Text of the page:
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Literary Criticism Semiotics & Theory

Touch Monkeys

Nonsense Strategies for Reading Twentieth-Century Poetry

by (author) Marnie Parsons

Publisher
University of Toronto Press
Initial publish date
Mar 1994
Category
Semiotics & Theory
  • eBook

    ISBN
    9781442682702
    Publish Date
    Mar 1994
    List Price
    $81.00

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Description

All too often Nonsense is relegated to the nursery. Marnie Parsons argues that, rather than being mere child's play, nonsense is a major force in poetic language. In Touch Monkeys she presents us with an original reading of a much-maligned linguistic pursuit.

Parsons distinguishes between nonsense language and Nonsense, the genre. Her major chapters work towards a vision of nonsense language as palimpsestic - the overlaying of several ways of making meaning onto a verbal sense system, and the consequent disruption of that system. This reading of nonsense is itself an intersection, bringing together historical and contemporary criticism of literary Nonsense and a wide range of poetic and literary theories. Using Carroll and Lear as examples of Nonsense, Parsons provides a survey of existing Nonsense criticism in English, and then extends and elaborates nonsense in theoretical directions set by Gilles Deleuze and Julia Kristeva among others, and by the poetics of such writers as Charles Olson, Charles Bernstein, Ron Silliman, Steve McCaffery, Louis Zukofsky and Daphne Marlatt.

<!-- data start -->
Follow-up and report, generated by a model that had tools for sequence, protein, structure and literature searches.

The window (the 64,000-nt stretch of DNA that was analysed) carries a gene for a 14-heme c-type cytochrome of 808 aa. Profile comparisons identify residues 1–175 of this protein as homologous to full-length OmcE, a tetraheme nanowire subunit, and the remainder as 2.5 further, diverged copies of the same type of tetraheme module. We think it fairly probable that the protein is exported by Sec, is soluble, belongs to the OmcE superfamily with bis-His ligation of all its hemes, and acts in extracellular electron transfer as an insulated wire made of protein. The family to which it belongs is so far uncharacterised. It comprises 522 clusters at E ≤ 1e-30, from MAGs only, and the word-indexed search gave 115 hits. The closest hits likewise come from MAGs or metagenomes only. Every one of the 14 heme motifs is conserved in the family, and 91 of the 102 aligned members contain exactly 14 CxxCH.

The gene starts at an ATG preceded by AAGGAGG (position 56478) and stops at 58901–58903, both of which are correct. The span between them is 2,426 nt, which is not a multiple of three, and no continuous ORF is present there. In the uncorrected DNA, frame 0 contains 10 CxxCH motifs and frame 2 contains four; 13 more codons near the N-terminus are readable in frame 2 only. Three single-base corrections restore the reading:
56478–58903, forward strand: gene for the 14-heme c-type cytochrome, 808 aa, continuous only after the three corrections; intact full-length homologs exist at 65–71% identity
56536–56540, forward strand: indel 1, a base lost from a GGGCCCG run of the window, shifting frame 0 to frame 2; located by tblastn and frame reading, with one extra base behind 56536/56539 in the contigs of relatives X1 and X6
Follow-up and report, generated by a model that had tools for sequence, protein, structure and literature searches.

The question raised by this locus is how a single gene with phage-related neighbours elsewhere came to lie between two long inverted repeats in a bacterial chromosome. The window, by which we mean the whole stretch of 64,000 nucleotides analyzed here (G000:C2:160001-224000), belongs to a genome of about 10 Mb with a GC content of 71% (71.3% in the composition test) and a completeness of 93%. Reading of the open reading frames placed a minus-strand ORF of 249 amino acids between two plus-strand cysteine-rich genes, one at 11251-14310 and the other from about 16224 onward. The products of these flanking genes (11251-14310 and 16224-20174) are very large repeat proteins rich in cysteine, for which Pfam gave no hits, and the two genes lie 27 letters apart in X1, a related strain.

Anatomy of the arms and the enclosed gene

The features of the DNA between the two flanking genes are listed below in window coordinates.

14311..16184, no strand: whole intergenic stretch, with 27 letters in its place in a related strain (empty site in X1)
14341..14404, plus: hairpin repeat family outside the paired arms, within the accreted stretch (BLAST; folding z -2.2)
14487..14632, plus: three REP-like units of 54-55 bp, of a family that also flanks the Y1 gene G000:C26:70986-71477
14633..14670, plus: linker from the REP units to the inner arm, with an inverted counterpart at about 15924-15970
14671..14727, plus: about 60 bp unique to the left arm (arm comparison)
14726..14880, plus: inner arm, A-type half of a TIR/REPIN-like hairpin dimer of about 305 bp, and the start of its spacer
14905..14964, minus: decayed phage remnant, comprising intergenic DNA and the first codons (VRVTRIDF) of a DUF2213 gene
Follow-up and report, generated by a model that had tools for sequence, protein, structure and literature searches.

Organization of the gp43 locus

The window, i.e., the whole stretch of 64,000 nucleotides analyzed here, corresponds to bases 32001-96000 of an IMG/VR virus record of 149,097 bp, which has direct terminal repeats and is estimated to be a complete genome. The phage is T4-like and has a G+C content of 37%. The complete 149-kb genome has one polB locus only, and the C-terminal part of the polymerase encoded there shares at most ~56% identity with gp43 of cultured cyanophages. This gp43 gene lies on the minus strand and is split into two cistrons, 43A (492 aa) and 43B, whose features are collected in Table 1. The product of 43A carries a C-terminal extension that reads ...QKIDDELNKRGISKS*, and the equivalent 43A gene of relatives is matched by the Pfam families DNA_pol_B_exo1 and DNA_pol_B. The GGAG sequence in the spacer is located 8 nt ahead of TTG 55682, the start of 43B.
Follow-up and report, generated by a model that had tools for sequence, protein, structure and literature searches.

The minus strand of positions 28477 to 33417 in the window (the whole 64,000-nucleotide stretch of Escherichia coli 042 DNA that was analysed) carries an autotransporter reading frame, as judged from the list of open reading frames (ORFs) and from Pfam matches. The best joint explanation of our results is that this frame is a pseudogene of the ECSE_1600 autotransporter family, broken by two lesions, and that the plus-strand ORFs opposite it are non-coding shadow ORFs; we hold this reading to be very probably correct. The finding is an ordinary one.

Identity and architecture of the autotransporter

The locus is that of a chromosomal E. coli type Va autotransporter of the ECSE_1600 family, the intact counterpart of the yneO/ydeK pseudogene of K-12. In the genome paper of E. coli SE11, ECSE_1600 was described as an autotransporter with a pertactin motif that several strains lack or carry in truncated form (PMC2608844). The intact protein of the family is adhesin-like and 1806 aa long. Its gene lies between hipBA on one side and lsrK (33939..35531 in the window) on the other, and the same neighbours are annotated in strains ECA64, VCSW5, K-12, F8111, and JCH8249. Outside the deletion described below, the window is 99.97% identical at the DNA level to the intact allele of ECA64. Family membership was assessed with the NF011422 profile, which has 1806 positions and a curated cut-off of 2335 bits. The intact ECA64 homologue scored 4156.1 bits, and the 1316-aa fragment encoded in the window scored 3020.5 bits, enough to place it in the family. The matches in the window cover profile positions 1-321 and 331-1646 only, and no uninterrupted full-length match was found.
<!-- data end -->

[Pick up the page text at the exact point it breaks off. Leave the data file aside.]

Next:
Following each chapter is a close reading of work by writers as varied as Rudyard Kipling, Colleen Thibaudeau, Adrienne Rich, and Lyn Hejinian. These readings provide practical applications of nonsense theory and establish the interdependence between theory and practice. Nonsense both inhabits and challenges traditional forms simultaneously; in Touch Monkeys Parsons enters into the spirit of the genre.

About the author

Born and raised in Leamington, Ontario, Marnie Parsons now lives in Tors Cove, NL with two bad cats and a view of the ocean. She is a publisher, printer, and editor. Her first children's book, PB's Comet was inspired by the small community where she lives and works.

Marnie Parsons' profile page

Other titles by Marnie Parsons